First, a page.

Thursday, June 21, 2012

Book Review: Area 51

Area 51: An Uncensored History of America's Top Secret Military Base by Annie Jacobsen (2012)

As an aviation/space buff, I wanted to like this. As someone who has written aerospace history, I could only be dismayed by the way a ton of research was undone with careless misreporting (constantly referring to a Horten "flying disk" when it was a flying wing), exaggeration (no nuclear "Mars-bound" rocket was ever overheated, because nothing close to a space-going nuclear rocket, as opposed to a ground-bound reactor demo, was ever built), and the sheer incredulity of seeing a previously respected journalist discuss the a "Soviet/Mengele" Roswell crash theory as if it might be true. The section on atomic testing has been disputed, but I'm not an expert there, so I won't comment on it. (And is "escorted by destroyer battleships" a typo? One hopes so.

The author does better on the airplanes, with some interesting stories of Oxcart and the SR-71. Oddly, there is no mention of the reports from the past few years the might indicate really unusual test aircraft/UAVs.

I appreciated the thick bibliography and the many sources provided, but I couldn't get past the UFO stuff: if an author would report that as even possible fact, how does the reader know whether to trust anything else in the book?

The idea that Mengele created some kind of child-mutation for Stalin is absurdity layered on falsehood. Mengele never could have produced such prodigies because Mengele had no idea how to do science and there were no results from his barbaric wartime experimentation. The evidence of contact between Megele and high-level Soviets is zero. The chances Stalin had a flying disc with a totally unknown propulsion system, far beyond 2012 technology let alone 1947, is zero. The chances Stalin would have risked a superweapon that could have dropped a nuke on Washington on a demonstration of fake alien contact, where a malfunction would mean the US captured the craft and learned all its secrets, was zero. The chances the discredited Bob Lazar knew anything about real alien contact is zero. (I detect a trend here.) The Russians made a saucer to fake an alien spacecraft, sent it to the US, and left Russian writing on it in plain view? What happened to the author's instincts and practices as a journalist when presented with this tale?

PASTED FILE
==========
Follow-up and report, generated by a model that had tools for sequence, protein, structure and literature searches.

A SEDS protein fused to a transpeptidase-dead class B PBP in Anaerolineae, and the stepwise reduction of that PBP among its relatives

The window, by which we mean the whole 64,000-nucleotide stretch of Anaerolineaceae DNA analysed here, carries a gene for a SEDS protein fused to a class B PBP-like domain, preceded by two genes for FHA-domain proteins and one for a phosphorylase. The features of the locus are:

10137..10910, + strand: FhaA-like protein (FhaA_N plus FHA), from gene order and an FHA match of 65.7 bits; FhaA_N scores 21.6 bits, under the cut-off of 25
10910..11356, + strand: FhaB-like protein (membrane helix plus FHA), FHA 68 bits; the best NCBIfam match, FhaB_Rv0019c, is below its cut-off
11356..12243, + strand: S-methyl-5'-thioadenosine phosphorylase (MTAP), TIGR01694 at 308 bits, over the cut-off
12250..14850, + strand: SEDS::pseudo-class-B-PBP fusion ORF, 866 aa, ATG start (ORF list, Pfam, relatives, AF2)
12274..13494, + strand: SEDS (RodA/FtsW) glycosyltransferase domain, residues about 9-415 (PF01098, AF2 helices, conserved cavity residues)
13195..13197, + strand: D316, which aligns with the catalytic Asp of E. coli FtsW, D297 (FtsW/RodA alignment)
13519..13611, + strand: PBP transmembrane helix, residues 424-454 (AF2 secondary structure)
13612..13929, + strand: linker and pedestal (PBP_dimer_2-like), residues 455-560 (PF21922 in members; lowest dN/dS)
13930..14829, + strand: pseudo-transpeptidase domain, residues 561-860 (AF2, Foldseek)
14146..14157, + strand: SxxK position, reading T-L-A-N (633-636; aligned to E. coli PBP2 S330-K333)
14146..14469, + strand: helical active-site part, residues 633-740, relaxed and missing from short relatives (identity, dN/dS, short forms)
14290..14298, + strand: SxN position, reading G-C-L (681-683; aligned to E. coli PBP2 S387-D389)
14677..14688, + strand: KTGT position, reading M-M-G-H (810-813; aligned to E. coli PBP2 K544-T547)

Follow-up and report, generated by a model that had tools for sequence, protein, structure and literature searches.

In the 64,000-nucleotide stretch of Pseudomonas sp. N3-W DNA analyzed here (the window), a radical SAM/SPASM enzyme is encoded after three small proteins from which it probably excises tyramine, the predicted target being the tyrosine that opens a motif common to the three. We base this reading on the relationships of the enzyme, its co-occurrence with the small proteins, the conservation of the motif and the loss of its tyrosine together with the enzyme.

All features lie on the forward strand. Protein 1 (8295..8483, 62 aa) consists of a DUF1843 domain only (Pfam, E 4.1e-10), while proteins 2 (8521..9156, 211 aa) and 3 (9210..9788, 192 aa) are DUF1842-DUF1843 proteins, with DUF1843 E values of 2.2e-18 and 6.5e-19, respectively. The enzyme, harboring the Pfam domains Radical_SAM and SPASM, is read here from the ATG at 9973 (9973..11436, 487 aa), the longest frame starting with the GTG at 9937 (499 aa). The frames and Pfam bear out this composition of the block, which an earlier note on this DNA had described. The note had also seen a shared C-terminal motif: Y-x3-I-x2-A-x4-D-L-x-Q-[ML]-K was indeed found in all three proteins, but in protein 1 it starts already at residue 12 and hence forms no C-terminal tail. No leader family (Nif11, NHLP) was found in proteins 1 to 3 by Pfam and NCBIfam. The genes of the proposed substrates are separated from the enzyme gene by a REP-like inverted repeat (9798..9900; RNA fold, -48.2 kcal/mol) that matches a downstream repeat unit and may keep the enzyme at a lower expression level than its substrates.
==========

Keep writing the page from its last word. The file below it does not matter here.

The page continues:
It's one thing to relate that someone who claims he once worked in the area told her this story. It's another to refer to it throughout the book as a possibility, when it just isn't. Did she ask independent aerospace engineers and biomedical researchers to comment on the plausibility of the story? If not, why not? This book would have value if she'd left this story out or treated it as the fantasy it is: implying there is something to it ruined the rest of the book for me.

Matt Bille, lead author, The First Space Race (Texas A&M, 2004)
(NOTE: As holder of a current DoD security clearance, I should add that I speak only from open sources: I've never seen classified material on these particular topics.)

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